Living Near Major Roads Increase Risk of Sudden Cardiac Death In Women: Study
Living close to a major road may increase women's risk of dying from sudden cardiac death, according to a new study.
It's important for healthcare providers to recognize that environmental exposures may be under-appreciated risk factors for diseases such as sudden cardiac death and fatal coronary heart disease," said Jaime E. Hart, Sc.D., study lead author and an instructor in medicine at Brigham and Women's Hospital and Harvard Medical School in Boston, Massachusetts, in the press release.
"On a population level, living near a major roadway was as important a risk factor as smoking, diet or obesity."
Researchers have previously found a modest increase in coronary heart disease risk among people who live near major roadways. However, the new study might be the first to examine the impact of roadway proximity to the risk of sudden cardiac death.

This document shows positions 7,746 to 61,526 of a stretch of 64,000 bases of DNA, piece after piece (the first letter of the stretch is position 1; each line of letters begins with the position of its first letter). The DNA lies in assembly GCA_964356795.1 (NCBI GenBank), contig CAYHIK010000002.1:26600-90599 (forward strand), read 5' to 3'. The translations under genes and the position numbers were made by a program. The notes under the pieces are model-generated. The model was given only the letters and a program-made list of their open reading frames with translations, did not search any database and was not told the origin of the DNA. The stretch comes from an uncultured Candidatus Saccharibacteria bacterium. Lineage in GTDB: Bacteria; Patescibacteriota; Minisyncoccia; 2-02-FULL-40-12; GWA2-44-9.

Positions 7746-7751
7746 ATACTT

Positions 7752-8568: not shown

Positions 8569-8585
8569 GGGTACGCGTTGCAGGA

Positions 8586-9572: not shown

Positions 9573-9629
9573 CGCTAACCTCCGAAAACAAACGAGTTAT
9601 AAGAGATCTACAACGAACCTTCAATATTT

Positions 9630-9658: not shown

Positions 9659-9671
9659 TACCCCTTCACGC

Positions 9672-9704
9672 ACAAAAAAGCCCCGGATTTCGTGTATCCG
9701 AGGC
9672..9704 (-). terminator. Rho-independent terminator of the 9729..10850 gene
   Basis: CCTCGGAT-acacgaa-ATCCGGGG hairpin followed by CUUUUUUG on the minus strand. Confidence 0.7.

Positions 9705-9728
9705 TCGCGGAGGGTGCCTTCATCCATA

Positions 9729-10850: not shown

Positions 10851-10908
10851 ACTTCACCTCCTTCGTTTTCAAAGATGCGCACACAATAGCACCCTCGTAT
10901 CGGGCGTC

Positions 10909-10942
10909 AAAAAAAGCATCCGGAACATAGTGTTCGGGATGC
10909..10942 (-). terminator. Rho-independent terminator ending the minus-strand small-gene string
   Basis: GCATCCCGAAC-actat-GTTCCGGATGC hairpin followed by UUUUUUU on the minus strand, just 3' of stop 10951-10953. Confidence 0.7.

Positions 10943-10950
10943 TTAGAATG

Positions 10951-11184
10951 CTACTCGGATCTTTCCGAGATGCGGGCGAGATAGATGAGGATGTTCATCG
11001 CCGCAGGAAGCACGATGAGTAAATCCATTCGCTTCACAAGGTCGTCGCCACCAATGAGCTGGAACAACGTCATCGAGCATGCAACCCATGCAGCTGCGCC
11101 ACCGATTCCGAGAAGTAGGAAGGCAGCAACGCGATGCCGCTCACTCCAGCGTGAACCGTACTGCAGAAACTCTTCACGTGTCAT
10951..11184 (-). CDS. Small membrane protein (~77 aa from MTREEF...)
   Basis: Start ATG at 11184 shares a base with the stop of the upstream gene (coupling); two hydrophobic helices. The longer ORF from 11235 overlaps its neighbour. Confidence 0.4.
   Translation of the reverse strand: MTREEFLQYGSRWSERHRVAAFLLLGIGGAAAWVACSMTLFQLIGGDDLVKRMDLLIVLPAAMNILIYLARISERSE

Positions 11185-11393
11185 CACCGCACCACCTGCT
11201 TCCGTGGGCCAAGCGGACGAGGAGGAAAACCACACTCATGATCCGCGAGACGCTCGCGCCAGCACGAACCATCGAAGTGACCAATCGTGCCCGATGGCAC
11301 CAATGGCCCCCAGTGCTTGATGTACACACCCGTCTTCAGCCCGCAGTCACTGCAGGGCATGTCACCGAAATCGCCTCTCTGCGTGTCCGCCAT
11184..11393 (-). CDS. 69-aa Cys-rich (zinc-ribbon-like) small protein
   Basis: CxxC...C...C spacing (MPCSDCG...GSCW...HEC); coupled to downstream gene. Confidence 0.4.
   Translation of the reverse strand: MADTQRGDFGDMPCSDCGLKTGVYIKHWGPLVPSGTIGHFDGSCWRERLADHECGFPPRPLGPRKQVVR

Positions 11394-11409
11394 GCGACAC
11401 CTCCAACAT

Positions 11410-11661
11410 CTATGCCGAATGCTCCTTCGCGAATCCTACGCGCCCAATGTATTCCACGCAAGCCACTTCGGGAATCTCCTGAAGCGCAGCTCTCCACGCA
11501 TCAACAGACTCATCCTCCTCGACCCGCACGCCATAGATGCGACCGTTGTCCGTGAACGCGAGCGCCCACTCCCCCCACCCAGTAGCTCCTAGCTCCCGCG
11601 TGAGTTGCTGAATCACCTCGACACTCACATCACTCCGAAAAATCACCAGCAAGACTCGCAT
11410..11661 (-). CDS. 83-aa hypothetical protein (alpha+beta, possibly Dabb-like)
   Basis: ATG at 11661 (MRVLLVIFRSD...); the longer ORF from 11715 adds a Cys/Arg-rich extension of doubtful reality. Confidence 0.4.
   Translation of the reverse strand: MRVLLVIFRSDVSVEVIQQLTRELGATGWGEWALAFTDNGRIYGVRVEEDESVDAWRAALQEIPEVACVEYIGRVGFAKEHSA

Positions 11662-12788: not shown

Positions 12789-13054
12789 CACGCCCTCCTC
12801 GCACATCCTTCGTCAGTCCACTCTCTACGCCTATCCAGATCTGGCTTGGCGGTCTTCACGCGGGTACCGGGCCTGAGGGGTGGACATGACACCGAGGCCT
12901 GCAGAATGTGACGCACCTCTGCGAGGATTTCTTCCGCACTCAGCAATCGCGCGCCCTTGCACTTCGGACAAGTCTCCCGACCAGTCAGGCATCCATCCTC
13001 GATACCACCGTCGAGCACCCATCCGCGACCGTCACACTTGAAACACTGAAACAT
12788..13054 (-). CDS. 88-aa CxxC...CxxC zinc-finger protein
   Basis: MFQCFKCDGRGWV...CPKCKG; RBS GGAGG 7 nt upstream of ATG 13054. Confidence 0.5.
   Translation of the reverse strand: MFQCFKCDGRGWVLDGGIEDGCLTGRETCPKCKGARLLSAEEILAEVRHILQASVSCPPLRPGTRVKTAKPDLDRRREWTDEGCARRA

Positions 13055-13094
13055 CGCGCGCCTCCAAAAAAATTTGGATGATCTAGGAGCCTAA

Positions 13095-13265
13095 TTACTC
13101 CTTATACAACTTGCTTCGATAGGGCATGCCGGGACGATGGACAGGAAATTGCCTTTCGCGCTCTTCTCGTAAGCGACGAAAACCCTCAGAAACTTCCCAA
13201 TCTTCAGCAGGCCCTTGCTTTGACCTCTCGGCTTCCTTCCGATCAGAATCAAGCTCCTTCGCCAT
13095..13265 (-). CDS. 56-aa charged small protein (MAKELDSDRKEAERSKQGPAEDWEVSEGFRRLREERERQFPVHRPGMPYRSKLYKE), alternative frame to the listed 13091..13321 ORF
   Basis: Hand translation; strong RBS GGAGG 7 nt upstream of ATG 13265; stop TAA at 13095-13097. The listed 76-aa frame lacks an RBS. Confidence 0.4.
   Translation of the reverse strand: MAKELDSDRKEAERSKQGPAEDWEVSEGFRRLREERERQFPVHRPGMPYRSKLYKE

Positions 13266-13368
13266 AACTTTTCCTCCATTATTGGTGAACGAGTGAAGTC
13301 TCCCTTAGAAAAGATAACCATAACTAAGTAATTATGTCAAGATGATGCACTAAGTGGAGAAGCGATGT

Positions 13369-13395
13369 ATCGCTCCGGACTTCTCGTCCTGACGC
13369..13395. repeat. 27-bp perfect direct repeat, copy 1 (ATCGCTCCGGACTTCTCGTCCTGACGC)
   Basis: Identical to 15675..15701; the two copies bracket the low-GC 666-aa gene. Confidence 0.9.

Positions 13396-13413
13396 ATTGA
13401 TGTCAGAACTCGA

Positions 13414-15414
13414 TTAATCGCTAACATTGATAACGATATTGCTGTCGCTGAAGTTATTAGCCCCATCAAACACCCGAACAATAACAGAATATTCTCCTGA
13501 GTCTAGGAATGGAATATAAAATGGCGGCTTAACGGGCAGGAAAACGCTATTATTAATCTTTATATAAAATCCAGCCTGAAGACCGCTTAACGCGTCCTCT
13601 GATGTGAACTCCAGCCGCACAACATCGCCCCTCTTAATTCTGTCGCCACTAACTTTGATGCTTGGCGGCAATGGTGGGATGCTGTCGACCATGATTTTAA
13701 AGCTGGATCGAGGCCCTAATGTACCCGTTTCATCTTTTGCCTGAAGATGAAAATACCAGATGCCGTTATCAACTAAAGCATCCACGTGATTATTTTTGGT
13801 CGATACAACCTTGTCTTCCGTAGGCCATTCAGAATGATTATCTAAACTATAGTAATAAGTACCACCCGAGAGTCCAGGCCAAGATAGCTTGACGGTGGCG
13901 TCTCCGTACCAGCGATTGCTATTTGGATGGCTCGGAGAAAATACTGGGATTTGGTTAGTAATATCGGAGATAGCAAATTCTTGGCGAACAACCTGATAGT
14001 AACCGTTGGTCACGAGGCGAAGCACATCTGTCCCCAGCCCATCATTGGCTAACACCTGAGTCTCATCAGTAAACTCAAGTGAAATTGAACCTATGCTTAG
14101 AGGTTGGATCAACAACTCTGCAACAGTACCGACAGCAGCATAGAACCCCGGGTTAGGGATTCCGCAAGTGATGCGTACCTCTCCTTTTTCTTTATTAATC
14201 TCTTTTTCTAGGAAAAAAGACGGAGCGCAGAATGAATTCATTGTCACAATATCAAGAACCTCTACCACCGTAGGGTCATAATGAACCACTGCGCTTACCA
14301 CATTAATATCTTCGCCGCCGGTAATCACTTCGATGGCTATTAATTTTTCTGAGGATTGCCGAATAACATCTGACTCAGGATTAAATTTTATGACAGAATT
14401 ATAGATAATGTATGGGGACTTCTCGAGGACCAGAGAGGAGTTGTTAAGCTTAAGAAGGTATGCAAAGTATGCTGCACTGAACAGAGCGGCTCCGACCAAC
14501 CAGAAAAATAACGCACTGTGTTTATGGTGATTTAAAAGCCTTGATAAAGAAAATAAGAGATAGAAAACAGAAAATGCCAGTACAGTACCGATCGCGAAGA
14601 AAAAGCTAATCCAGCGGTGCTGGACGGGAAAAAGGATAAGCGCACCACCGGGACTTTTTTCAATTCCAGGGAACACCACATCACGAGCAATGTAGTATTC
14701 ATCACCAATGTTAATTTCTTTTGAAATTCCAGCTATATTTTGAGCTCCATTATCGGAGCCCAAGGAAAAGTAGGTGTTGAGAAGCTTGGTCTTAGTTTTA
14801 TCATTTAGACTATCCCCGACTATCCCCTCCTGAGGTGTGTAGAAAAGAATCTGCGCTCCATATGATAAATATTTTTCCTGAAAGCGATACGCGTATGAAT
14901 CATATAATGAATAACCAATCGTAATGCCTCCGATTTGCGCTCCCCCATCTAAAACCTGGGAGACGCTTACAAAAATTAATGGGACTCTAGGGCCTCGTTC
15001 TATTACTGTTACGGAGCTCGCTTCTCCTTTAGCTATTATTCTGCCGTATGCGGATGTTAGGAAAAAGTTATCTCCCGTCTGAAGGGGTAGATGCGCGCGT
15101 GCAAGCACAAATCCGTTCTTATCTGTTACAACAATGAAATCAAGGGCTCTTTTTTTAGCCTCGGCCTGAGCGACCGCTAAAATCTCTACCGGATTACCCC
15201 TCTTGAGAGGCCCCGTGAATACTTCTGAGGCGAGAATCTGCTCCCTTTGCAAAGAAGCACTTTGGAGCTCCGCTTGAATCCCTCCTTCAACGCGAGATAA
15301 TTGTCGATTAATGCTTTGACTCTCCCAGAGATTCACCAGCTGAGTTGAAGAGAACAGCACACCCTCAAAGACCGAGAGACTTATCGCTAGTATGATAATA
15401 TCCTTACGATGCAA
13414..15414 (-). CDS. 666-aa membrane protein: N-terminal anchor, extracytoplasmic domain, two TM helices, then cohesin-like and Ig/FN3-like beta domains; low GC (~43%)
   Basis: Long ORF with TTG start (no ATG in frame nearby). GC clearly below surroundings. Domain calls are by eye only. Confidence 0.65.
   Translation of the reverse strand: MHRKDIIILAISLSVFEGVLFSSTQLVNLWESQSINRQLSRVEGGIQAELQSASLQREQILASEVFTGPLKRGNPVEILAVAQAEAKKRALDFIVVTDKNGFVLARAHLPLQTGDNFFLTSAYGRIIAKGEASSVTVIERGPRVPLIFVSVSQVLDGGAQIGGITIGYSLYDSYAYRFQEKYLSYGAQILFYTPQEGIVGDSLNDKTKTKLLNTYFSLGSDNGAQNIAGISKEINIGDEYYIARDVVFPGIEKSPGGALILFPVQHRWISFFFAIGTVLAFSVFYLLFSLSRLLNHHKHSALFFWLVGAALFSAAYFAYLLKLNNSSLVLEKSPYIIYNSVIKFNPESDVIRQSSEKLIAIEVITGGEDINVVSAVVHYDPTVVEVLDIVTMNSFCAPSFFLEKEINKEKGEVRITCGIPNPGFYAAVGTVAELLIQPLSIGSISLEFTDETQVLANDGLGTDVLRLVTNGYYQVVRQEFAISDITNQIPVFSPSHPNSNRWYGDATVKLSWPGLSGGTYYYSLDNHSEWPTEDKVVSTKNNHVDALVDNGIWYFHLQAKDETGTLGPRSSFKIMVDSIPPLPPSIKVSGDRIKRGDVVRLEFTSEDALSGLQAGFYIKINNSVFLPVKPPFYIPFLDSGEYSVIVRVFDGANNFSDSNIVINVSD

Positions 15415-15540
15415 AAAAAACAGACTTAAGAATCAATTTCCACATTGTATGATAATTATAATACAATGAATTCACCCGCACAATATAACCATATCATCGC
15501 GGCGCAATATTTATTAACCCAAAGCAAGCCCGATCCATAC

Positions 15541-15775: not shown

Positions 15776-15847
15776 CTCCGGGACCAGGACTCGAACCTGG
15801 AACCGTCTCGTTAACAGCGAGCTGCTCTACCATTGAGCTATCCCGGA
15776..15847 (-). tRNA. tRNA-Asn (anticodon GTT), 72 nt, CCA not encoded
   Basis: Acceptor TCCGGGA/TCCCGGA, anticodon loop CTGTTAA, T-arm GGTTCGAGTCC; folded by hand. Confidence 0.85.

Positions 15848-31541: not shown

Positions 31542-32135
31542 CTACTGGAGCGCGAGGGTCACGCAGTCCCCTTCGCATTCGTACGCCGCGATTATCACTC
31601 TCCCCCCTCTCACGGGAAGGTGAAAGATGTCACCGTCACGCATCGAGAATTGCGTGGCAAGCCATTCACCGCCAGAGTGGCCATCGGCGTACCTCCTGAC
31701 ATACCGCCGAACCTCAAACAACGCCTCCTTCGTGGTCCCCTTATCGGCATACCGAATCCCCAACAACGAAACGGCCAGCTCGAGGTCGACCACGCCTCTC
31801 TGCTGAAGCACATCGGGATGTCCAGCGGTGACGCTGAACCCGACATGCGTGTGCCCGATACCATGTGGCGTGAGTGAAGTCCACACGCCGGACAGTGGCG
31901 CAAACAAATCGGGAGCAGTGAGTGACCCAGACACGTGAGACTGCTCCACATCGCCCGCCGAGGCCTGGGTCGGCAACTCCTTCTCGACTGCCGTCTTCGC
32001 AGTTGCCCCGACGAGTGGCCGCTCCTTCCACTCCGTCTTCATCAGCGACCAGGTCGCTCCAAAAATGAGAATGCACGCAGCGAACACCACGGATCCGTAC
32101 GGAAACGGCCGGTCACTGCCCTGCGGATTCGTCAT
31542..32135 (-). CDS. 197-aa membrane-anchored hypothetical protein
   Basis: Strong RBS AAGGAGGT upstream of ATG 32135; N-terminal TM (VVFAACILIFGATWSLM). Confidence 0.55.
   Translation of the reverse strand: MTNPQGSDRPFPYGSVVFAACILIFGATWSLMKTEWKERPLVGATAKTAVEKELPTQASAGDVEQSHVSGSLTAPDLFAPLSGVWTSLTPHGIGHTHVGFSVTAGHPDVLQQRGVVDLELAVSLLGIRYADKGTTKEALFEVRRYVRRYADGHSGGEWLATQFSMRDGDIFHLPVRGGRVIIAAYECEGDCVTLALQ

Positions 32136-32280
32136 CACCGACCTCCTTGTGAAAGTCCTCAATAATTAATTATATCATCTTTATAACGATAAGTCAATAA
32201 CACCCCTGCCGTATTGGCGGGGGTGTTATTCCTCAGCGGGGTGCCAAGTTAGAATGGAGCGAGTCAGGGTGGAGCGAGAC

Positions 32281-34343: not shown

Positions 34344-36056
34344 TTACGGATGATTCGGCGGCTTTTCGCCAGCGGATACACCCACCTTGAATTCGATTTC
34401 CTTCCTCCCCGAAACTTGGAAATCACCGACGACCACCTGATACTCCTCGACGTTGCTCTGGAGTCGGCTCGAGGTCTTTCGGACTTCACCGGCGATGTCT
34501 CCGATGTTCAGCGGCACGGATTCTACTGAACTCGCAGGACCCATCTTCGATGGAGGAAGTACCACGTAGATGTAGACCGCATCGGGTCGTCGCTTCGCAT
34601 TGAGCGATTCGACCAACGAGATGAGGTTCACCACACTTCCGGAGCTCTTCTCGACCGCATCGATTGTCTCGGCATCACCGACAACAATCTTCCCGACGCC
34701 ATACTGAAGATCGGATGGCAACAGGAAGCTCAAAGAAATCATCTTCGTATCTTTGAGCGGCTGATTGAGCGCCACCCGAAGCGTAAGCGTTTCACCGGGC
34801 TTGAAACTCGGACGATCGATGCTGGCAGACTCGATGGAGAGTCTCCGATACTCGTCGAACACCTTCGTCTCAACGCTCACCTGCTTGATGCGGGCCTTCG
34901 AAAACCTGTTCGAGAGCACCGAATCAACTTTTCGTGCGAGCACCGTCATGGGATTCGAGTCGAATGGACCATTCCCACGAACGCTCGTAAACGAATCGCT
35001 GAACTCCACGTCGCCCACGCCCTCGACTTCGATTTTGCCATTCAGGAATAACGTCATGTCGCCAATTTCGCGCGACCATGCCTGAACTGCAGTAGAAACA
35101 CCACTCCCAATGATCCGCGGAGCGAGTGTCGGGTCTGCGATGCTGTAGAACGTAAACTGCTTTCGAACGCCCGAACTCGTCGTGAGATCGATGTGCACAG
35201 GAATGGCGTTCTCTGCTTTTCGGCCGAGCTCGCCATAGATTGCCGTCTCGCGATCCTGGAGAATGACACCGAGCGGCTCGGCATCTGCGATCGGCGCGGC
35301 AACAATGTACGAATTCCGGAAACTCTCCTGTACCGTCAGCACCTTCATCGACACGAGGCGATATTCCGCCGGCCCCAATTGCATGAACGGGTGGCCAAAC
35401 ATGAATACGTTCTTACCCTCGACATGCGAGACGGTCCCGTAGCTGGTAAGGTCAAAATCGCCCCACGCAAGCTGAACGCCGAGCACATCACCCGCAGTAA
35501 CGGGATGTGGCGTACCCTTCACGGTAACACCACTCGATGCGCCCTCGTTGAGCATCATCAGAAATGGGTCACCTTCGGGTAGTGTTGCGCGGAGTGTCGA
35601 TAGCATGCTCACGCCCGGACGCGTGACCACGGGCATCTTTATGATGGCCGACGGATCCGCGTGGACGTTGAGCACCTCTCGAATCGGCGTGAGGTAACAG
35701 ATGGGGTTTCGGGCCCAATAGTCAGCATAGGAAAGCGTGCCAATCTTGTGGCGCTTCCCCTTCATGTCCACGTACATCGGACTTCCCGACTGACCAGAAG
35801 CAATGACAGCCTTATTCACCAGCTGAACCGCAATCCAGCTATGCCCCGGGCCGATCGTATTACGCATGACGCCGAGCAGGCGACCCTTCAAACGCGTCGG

The study mentioned that roadway proximity could be a marker for exposure to air pollution.
"Regardless of where you live, adopting heart-healthy habits, such as maintaining a healthy weight, being physically active, eating nutritious foods, quitting smoking, and managing stress, can help decrease your risk of heart and blood vessel disease," added Hart, who is also an instructor at the Harvard School of Public Health.
"Our next step is to try to determine what specific exposures, such as air pollution, are driving the association between heart disease and major roadway proximity."
The study has been published in the American Heart Association journal Circulation.